In the concrete sequence, initial writing is performed first (see (a) in FIG. 13). Incidentally, initial rewriting to be described later may not be performed unless the resistance value Rinit is equal to or higher than a lower limit resistance value as a lower limit of a resistance value that allows erasure operation. Therefore the initial writing needs to be performed such that the memory element after the writing has a resistance value equal to or higher than the lower limit resistance value.

Next, reading is performed to measure the resistance value of the memory element after the initial writing (see (b) in FIG. 13). The resistance value Rcell is compared with the resistance value Rinit ((c) in FIG. 13). When a relation Rcell>Rinit is satisfied, writing as a next step is performed (see (d) in FIG. 13). On the other hand, when a relation Rcell>Rinit is not satisfied, erasure operation is performed (see (e) in FIG. 13). Then initial rewriting is performed.

Next, reading is performed, whereby a relation Rcell>Rinit is satisfied, and the resistance value of the written memory element is measured (see (f) in FIG. 13). The resistance value Rcell is compared with the target setting value Rtarget (see (g) in FIG. 13). When a relation Rcell=Rtarget is satisfied, the writing process is ended. On the other hand, when the relation Rcell=Rtarget is not satisfied, a writing condition is changed (for example the upper limit value of the voltage applied to the word lines in the writing resistance control circuit is changed, or the maximum value of the amount of current permitted in the current limiting circuit is changed) (see (h) in FIG. 13). Thereafter the sequence of writing, reading, and comparison is repeated.

The sequence as described above can set the resistance value of the memory element after writing to a value sufficiently high to surely perform erasure operation.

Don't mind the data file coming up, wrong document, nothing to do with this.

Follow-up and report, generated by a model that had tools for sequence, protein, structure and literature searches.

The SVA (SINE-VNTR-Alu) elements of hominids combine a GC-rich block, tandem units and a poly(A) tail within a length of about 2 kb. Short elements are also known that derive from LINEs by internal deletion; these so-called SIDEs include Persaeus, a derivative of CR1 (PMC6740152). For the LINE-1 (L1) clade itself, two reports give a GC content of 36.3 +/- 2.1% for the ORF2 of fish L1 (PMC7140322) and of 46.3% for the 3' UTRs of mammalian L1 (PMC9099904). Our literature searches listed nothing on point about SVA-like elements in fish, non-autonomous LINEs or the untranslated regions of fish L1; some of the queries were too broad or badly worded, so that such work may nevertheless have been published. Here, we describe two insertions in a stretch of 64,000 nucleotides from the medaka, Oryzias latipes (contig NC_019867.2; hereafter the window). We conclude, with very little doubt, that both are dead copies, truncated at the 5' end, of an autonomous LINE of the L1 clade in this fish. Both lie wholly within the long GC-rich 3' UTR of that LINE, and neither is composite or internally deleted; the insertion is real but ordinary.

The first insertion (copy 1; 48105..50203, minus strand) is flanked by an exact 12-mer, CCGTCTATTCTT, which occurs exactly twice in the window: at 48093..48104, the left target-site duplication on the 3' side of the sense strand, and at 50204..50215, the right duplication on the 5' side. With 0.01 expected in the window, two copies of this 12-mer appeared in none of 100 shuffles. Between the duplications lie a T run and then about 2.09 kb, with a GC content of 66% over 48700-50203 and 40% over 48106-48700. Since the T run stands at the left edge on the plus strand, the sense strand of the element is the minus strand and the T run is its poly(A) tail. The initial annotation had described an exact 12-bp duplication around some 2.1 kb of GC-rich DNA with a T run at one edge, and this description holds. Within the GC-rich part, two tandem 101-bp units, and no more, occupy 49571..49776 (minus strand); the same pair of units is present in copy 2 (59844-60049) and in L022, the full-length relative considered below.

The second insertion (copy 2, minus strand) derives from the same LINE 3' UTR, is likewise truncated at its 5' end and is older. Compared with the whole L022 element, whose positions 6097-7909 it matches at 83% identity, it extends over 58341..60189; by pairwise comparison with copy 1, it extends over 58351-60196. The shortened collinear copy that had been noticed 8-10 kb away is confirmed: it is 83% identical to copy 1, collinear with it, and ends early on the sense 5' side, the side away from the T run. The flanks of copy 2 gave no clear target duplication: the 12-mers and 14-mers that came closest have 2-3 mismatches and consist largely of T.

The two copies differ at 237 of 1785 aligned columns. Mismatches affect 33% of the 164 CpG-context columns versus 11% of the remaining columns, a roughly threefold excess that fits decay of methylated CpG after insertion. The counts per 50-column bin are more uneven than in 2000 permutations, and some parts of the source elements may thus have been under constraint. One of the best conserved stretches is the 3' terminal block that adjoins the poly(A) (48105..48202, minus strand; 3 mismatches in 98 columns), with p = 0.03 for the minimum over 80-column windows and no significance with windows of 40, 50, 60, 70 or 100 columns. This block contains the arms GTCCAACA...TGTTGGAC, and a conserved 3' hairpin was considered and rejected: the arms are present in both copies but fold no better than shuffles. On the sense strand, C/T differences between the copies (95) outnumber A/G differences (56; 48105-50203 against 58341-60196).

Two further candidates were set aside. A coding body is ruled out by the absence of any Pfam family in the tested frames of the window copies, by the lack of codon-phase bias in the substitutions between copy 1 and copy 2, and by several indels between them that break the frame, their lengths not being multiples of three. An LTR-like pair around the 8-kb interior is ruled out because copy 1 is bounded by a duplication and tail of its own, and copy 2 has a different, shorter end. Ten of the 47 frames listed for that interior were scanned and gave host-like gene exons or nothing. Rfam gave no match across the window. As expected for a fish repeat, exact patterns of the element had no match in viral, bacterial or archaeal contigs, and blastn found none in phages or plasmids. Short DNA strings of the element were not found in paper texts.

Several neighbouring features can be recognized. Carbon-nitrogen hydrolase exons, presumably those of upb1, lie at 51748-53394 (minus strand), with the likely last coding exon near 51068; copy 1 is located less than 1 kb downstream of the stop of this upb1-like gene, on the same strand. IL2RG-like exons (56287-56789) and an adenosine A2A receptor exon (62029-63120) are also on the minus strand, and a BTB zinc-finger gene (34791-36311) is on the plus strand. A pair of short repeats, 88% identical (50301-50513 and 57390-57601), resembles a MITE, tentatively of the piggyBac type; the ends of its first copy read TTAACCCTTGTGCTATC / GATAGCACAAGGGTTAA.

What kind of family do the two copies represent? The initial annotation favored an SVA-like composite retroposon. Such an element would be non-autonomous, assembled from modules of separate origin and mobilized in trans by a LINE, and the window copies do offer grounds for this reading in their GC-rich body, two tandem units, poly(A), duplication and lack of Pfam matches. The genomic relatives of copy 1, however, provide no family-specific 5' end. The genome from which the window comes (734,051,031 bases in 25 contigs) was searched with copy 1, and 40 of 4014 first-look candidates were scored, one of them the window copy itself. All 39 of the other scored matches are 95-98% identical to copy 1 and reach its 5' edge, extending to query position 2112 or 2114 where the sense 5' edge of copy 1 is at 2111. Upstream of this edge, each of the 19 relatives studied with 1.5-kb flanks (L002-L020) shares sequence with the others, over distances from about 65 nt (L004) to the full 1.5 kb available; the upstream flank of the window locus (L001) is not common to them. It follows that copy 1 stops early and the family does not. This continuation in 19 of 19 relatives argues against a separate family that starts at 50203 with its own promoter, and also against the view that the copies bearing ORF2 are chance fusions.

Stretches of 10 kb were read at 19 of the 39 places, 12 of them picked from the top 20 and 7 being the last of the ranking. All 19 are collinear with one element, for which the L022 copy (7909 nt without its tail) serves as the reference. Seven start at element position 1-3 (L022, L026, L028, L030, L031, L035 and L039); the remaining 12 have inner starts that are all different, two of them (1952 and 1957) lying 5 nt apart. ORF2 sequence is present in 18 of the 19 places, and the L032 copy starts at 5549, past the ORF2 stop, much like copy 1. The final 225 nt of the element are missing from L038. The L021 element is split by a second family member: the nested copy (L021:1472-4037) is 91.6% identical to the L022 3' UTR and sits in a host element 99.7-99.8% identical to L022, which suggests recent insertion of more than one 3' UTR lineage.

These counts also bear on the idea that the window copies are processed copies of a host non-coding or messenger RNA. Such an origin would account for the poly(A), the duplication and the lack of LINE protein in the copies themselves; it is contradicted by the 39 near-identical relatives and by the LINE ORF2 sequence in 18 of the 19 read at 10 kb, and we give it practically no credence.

(Fourth Method for Controlling Resistance Value of Memory Element after Writing)

FIG. 14 is a schematic diagram of assistance in explaining yet another example of a writing resistance control circuit for controlling the resistance value of a memory element after writing. As in the above-described example of the writing resistance control circuit and the other example of the writing resistance control circuit, in the writing resistance control circuit shown in FIG. 14, bit lines and source lines of a memory cell array 30 as shown in FIGS. 4 to 7 are connected to an I/O control circuit 31 via a column switch SW, and word lines of the memory array are connected to a row decoder 32 as a word line voltage controlling circuit. In this case, the column switch and the row decoder are respectively connected with a bit line and source line pulse driving circuit 36 and a word line pulse driving circuit 35. Pulse signals applied to the word lines and the bit lines or the source lines can be controlled by the pulse driving circuits.

The writing resistance control circuit formed as described above is used to set an upper limit value to the width of a writing pulse for activating the word lines and the bit lines or the source lines, that is, to limit a total amount of current flowing into a memory element, whereby the resistance value of the memory element after writing can be set to a value sufficiently high to surely perform the erasure operation.

In the storage devices to which the present invention is applied, the resistance value of the memory element after writing is controlled by the control methods as described above, and the resistance value of the memory element after writing is made to be a high resistance value such that a voltage equal to or higher than the erasure voltage threshold value is applied to the memory element at the time of erasure operation. It is therefore possible to surely perform erasure.

It should be understood by those skilled in the art that various modifications, combinations, sub-combinations and alterations may occur depending on design requirements and other factors insofar as they are within the scope of the appended claims or the equivalents thereof.

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Classifications
U.S. Classification365/148, 365/100, 365/66, 365/158, 365/189.07, 365/55
International ClassificationG11C11/00
Cooperative ClassificationG11C2013/009, G11C2213/79, G11C13/0069, G11C2213/31, G11C13/0011, G11C13/0007
European ClassificationG11C13/00R3, G11C13/00R25W, G11C13/00R5B